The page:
Filmmakers eye B.O., influence amid presidential campaign
TAMPA, Fla. – The anti-Obama documentary “2016: Obama’s America” was a weekend box office surprise with $6.3 million as it expanded to more than 1,000 locations.
As the Republican National Convention gets off the ground Tuesday, and next week as the Democrats gather in Charlotte, several filmmakers are screening their projects in hopes of building similar buzz for their politically minded projects.
In addition to box office, the goal is a genuine impact on the race.
That’s the case with “The Hope and the Change,” debuting Tuesday at a Tampa venue. Pic chronicles the deflated hopes of supporters of Barack Obama. Previewed on Fox News’ “Hannity” on Friday, it comes from director-writer Stephen K. Bannon and producer David Bossie, two prolific conservative filmmakers who say they set out to interview Democrats and independents who have soured on the president.
The model is 2004, when Michael Moore’s “Fahrenheit 9/11” took off at the box office, with a worldwide gross of $222 million, proving that people will pay for political documentaries when the promise is a passionate mix of partisanship and entertainment.
While some critics have dismissed some of the conservative docs as more infomercial than entertainment, there’s proof that the right mix, at the right time and with the right marketing, can strike a chord. The question is what happens after Labor Day, as partisan messaging reaches a fever pitch. It’s one thing to debut a politically charged title in the summer; it’s another to debut it in October, when 30-second campaign spots will soak the airwaves. In mid-October 2010, Freestyle Releasing distributed “I Want Your Money,” with posters featuring President Obama pointing his index finger, Uncle Sam-style, but it failed to fully capture Tea Partier enthusiasm at the midterms, perhaps because they were otherwise engaged in campaign activities on the weekends.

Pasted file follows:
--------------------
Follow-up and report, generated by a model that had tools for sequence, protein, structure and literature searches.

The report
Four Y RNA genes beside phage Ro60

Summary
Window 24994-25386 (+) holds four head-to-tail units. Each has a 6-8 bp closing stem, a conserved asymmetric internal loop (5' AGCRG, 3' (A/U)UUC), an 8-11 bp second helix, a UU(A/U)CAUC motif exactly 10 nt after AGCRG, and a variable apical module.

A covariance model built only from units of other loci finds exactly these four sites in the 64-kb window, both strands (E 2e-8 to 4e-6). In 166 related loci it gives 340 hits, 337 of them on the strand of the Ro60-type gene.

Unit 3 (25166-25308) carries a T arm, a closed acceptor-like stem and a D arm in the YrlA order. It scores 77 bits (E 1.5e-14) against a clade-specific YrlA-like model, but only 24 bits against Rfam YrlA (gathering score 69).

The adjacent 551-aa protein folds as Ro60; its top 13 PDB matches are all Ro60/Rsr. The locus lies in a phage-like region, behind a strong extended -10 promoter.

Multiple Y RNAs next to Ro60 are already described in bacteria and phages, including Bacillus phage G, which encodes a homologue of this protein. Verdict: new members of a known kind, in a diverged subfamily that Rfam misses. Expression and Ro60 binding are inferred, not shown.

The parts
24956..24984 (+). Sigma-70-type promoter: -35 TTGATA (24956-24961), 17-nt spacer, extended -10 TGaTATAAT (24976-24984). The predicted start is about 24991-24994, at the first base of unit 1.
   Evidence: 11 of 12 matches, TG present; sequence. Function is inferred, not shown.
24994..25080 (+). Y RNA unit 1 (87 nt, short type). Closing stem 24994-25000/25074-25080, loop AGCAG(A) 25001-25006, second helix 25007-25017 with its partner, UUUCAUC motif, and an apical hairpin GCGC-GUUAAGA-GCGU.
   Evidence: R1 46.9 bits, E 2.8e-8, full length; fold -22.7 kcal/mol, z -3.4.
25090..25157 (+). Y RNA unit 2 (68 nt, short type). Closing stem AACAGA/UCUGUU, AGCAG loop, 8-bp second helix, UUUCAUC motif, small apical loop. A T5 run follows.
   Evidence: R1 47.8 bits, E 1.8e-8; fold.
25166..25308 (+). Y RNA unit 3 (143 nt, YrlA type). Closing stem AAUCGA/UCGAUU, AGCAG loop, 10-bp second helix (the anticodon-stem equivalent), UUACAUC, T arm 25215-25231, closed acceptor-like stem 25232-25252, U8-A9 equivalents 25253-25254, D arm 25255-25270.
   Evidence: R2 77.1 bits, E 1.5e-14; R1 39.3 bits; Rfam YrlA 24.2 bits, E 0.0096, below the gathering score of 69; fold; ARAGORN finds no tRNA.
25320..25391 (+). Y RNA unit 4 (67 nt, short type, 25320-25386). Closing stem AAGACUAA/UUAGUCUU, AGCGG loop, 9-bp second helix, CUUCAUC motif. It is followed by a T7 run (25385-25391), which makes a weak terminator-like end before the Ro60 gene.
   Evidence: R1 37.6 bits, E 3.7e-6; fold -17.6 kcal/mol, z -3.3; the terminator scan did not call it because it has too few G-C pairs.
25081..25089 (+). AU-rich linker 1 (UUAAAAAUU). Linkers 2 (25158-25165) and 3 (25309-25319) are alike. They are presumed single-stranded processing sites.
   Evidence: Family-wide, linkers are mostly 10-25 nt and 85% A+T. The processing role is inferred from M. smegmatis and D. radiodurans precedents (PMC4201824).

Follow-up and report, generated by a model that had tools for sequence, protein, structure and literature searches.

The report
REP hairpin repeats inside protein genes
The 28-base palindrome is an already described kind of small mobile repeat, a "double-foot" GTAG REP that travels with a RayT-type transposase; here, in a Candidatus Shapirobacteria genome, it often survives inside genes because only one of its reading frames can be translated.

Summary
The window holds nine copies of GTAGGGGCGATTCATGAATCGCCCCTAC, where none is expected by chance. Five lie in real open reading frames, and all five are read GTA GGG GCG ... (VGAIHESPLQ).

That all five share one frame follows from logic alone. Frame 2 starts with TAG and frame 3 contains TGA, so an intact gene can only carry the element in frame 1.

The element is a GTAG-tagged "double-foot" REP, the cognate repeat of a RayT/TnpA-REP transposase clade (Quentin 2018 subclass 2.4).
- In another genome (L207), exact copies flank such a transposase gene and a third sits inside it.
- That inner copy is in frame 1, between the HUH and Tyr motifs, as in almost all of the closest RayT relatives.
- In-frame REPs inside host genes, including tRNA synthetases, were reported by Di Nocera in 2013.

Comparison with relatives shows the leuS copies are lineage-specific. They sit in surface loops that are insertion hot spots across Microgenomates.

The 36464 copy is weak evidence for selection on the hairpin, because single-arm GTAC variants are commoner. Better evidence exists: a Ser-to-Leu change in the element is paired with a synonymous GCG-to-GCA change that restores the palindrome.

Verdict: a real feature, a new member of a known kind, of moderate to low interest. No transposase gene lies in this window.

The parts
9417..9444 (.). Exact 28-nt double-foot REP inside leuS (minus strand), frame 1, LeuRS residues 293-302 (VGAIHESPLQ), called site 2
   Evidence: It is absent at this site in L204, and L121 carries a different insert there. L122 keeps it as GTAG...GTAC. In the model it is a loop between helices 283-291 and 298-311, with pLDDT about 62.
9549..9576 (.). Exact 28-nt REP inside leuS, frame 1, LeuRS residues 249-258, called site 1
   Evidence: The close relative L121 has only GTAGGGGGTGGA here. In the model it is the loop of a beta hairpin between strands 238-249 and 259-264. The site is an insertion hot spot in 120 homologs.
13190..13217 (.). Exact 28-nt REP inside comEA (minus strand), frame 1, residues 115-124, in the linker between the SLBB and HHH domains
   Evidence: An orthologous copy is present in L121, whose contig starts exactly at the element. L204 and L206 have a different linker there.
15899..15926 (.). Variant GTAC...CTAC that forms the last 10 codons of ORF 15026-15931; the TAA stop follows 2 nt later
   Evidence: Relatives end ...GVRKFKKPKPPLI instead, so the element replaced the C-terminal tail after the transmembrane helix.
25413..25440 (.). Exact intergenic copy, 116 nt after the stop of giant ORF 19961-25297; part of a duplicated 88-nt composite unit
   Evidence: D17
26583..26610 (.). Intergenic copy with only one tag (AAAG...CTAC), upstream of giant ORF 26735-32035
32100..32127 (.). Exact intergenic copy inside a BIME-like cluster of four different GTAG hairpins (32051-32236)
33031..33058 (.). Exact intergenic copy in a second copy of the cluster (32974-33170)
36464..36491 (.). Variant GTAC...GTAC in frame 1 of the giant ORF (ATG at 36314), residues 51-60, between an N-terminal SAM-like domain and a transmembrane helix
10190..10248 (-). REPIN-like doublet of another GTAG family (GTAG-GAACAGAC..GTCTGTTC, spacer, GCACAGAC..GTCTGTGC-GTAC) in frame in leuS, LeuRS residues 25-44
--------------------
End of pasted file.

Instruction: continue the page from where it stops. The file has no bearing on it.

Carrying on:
The same seems to be true for scripted fare. David Zucker screened his comedy spoof “An American Carol,” a star-studded satire on Moore, at the Republican Convention in 2008, but its take after its October debut that year hardly matched the election excitement. The same goes for another pic that debuted that month, from a perspective on the other side of the spectrum, Oliver Stone’s “W.”
“There is a confluence of factors that you have to have in place. The Michael Moore 9/11 movie was lightning in a bottle. The Swift Boat situation was lightning in a bottle,” said Democratic strategist Chris Lehane, who consulted on the rollout of Moore’s movie, referring not just to “Fahrenheit 9/11” but the Swift Boat Veterans for Truth book and mini-documentaries that came later in 2004. “Those things are difficult to come around again.”
Lehane co-wrote “Knife Fight” with director Bill Guttentag. While IFC recently picked up the drama about the harder edges of a political campaign for distribution, it is eyeing a release in January.
“There was sort of a sense that people were saturated with stuff, that people were going to be tired of the campaign at that point,” Lehane said. “Every ad is a negative ad. The thinking was January is less cluttered and people have a chance to digest what is going on.”
“Knife Fight” will get a screening during the Democratic Convention, sponsored by Tom Steyer and a California ballot initiative to close a corporate tax loophole and use the proceeds to create clean energy jobs. Two of the film’s stars, Eric McCormack and Richard Schiff, are expected to attend.